It was a sultry June morning and I was at a beautiful temple in the little town of Pilicode in Kerala. The melsanthi , head priest, who stood at the sanctum doors, arms akimbo, answered my question about why goddess Bhagavathi was depicted in the form of a metal mirror. “There is too much shakti in her and if she was in human form, her mere gaze upon those who have come to seek darshan would destroy them,” he said.
Bhagavathi, one of the forms of Durga, is worshipped uniquely in parts of northern Kerala as Kannadi Bimbam, or mirror idol, an exquisitely cast metal mirror, which resembles a human form with its leg-like handle and rounded head.
Few parts of India boast of a more profuse integration of mirrors in religious, cultural, social and performative practices as the Malabar coast. In Kerala, the valkannadi , a round mirror with a handle, usually made of metal, is found in the homes of most Hindu communities, and is used as an auspicious symbol in rituals. A mother gives a valkannadi to her daughter on her wedding day. On Vishu, the Malayalam New Year, a ritual viewing of auspicious objects is done; children are led blindfolded to the puja room, and the valkannadi is one of many objects that must be seen, as it is believed to bring good luck and prosperity.
At wedding rituals
The artisans of Aranmula in southern Kerala are expert makers of the famous Aranmula mirror. In parts of coastal Karnataka, wedding ceremonies include kalasha kannadi , a ritual where a pot of water, tulasi leaves, and a hand mirror form a vital part. The list goes on.
Kannadi refers to kannu or eyes in Malayalam, and bimba, or reflection in Sanskrit, suggesting a relationship between that which we perceive with our eyes and that which is reflected. Kannadi Bimbams are cast in bronze or Panchaloha, a five-metal alloy of copper, silver, gold, tin and zinc, in the lost wax method by Musaris or traditional metal casters. The mirror idols are made of granite, wood, or stucco. “Paying obeisance to the Kannadi Bimbam is considered one of the highest forms of worship in Kerala,” writes sculptor Balan Nambiar (in the catalogue to his exhibition, ‘The Mirror Idol’, 2012).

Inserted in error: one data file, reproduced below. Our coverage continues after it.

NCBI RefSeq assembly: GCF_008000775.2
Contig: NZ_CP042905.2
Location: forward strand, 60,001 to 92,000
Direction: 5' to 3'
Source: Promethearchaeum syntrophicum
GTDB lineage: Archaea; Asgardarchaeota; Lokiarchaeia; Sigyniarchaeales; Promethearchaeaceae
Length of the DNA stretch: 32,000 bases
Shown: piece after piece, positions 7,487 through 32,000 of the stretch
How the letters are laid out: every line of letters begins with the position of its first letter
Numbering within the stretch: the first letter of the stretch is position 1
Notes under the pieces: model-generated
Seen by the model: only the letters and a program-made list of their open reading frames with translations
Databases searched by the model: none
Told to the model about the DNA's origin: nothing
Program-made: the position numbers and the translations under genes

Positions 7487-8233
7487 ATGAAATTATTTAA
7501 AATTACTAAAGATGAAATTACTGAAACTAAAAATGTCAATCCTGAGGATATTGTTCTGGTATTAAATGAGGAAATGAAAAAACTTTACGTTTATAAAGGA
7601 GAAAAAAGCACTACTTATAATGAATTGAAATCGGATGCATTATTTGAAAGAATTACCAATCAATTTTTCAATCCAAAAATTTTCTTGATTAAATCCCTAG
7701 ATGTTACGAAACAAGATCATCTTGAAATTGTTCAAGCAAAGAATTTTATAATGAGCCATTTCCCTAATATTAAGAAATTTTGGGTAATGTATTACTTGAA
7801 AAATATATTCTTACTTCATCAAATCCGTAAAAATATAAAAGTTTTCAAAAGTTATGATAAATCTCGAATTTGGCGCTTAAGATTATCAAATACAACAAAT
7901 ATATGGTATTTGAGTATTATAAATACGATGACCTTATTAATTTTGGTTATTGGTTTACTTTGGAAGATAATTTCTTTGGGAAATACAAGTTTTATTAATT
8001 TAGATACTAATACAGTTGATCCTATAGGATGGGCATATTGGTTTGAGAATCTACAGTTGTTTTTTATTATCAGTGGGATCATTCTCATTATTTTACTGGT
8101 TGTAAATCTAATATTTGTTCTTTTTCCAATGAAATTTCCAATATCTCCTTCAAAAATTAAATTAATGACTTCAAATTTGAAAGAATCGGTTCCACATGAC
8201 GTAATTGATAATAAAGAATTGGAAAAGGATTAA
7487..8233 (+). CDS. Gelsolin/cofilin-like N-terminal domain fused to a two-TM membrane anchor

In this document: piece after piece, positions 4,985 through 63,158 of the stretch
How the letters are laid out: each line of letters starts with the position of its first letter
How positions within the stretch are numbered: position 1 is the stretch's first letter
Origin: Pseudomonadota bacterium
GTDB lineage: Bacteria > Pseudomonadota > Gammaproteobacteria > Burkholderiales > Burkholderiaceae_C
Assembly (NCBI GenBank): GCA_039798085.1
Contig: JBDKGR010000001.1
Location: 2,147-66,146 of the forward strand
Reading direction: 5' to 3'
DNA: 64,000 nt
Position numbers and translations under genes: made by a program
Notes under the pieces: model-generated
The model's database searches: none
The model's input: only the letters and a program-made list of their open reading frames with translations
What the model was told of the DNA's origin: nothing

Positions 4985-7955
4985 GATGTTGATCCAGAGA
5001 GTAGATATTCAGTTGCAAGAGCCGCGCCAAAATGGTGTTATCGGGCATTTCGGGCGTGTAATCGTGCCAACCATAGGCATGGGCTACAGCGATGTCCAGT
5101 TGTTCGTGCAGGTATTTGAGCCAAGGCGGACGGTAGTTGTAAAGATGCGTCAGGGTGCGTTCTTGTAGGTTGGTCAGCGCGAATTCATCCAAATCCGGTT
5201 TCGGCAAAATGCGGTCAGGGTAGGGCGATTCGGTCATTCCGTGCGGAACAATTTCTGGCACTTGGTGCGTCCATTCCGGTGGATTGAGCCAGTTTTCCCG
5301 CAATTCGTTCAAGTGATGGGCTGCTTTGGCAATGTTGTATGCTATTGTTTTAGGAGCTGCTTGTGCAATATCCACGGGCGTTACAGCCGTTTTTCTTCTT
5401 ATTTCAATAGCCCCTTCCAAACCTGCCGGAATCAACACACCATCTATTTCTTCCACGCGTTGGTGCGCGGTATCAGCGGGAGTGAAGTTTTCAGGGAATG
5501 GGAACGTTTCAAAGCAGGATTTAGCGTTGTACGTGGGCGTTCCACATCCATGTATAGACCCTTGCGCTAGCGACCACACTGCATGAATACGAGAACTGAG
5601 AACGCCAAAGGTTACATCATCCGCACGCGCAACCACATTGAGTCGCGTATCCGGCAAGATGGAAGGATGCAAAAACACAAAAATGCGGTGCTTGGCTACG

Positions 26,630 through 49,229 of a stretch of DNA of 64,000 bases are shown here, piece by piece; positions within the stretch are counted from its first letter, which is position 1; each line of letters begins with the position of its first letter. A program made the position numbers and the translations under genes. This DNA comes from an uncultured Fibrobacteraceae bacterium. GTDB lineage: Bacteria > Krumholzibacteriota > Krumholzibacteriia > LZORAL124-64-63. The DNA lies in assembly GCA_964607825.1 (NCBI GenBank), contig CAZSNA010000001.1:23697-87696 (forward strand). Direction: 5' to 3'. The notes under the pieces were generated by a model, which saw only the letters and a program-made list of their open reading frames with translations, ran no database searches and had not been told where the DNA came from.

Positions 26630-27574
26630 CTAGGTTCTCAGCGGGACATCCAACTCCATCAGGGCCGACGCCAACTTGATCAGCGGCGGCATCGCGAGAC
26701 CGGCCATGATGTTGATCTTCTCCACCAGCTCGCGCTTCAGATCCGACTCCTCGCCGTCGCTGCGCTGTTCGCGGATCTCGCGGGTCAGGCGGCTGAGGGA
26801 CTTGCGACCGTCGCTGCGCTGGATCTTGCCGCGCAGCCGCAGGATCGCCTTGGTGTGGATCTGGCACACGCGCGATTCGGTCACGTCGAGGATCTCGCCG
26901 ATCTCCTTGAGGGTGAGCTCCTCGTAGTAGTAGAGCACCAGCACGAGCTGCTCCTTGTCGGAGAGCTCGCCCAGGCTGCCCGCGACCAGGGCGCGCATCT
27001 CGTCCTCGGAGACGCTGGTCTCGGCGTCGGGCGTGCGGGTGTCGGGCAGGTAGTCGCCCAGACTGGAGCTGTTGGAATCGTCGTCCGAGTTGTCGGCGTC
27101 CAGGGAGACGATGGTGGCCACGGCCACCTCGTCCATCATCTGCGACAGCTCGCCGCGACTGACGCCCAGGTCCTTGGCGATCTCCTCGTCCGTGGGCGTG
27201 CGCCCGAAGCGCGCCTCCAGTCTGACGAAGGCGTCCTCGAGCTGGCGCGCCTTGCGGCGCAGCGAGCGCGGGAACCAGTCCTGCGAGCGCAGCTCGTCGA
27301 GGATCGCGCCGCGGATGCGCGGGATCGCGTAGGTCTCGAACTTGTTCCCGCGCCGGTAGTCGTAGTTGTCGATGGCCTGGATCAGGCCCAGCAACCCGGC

On the day of Pooram during the auspicious month of Meenam, usually in March every year, at the Annur Poomala Bhagavathi Kavu, a sacred grove of the Thiyya community near Payyannur in Kerala, I witnessed a unique Pooram Kuli, the ritual immersion of Bhagavathi as a mirror idol. On the penultimate day of the ritual, at dusk, two Kannadi Bimbam idols were ceremoniously carried out of the sanctum, to the beat of chenda drums, and placed on a stone slab on the stairs of the temple pond. Here, shielded from public view with a multi-coloured curtain, their jewellery and garments were carefully removed while the crowd chanted in unison.
I watched the last rays of the sun setting behind me and a gigantic full moon rising slowly in front of me. The sacred moment was upon us; the crowds were in a catatonic stupor now, and the priests descended the steps into the pond, idol in hand, and immersed themselves three times. The drumming stopped, and minutes later the idols, lit by a single lamp and the moonlight, made their slow journey back to their abode.
One of the most captivating examples of the use of a mirror in performance is the possession ritual during the worship of Theyyam in northern Kerala. As a final act in the ritual, the theyyam looks into a mirror, transforming from human to ‘divine’.
Equally enchanting is the Ali Chamundi Kaliyattam, a performance ritual that narrates the story of Ali, a Mappila Muslim fruit trader, whose reincarnated spirit is worshipped by Hindus and Muslims at Arikkadi Bhagavathi temple in Kasaragod. Performed while sitting directly in front of a large mirror, like the one in our homes, it enacts a local myth where Ali, believed to be a sorcerer with a lustful nature, is drowned by goddess Bhagavathi in the temple pond. But she allows a shrine to be built beside her own, where his reincarnated spirit can meet and bless devotees.
These depictions of mirrors as non-reflective surfaces — whether in metal like the Kannadi Bimbam of Kerala or in wood like those held by the Sati figures of Karnataka — draw attention to the internal rather than an external reality. “The substituting of the body of a deity with an instrument to look at oneself is an obvious tool to stress the importance of interiorisation,” writes art historian Naman Ahuja in the exhibition catalogue to ‘The Body in Indian Art and Thought’, Brussels, 2013.
A devotee is thus urged to worship by looking within, through self-reflection, reiterating the idea of Aham Brahmasmi or ‘I am Brahma’. That they are abstract forms, possessing a shakti so powerful it could destroy the universe, then finds resonance in the search for this inner realm.
The writer was the curatorial advisor of ‘Mirror – The Reflected Self’, which concluded today at Museum Rietberg in Zurich.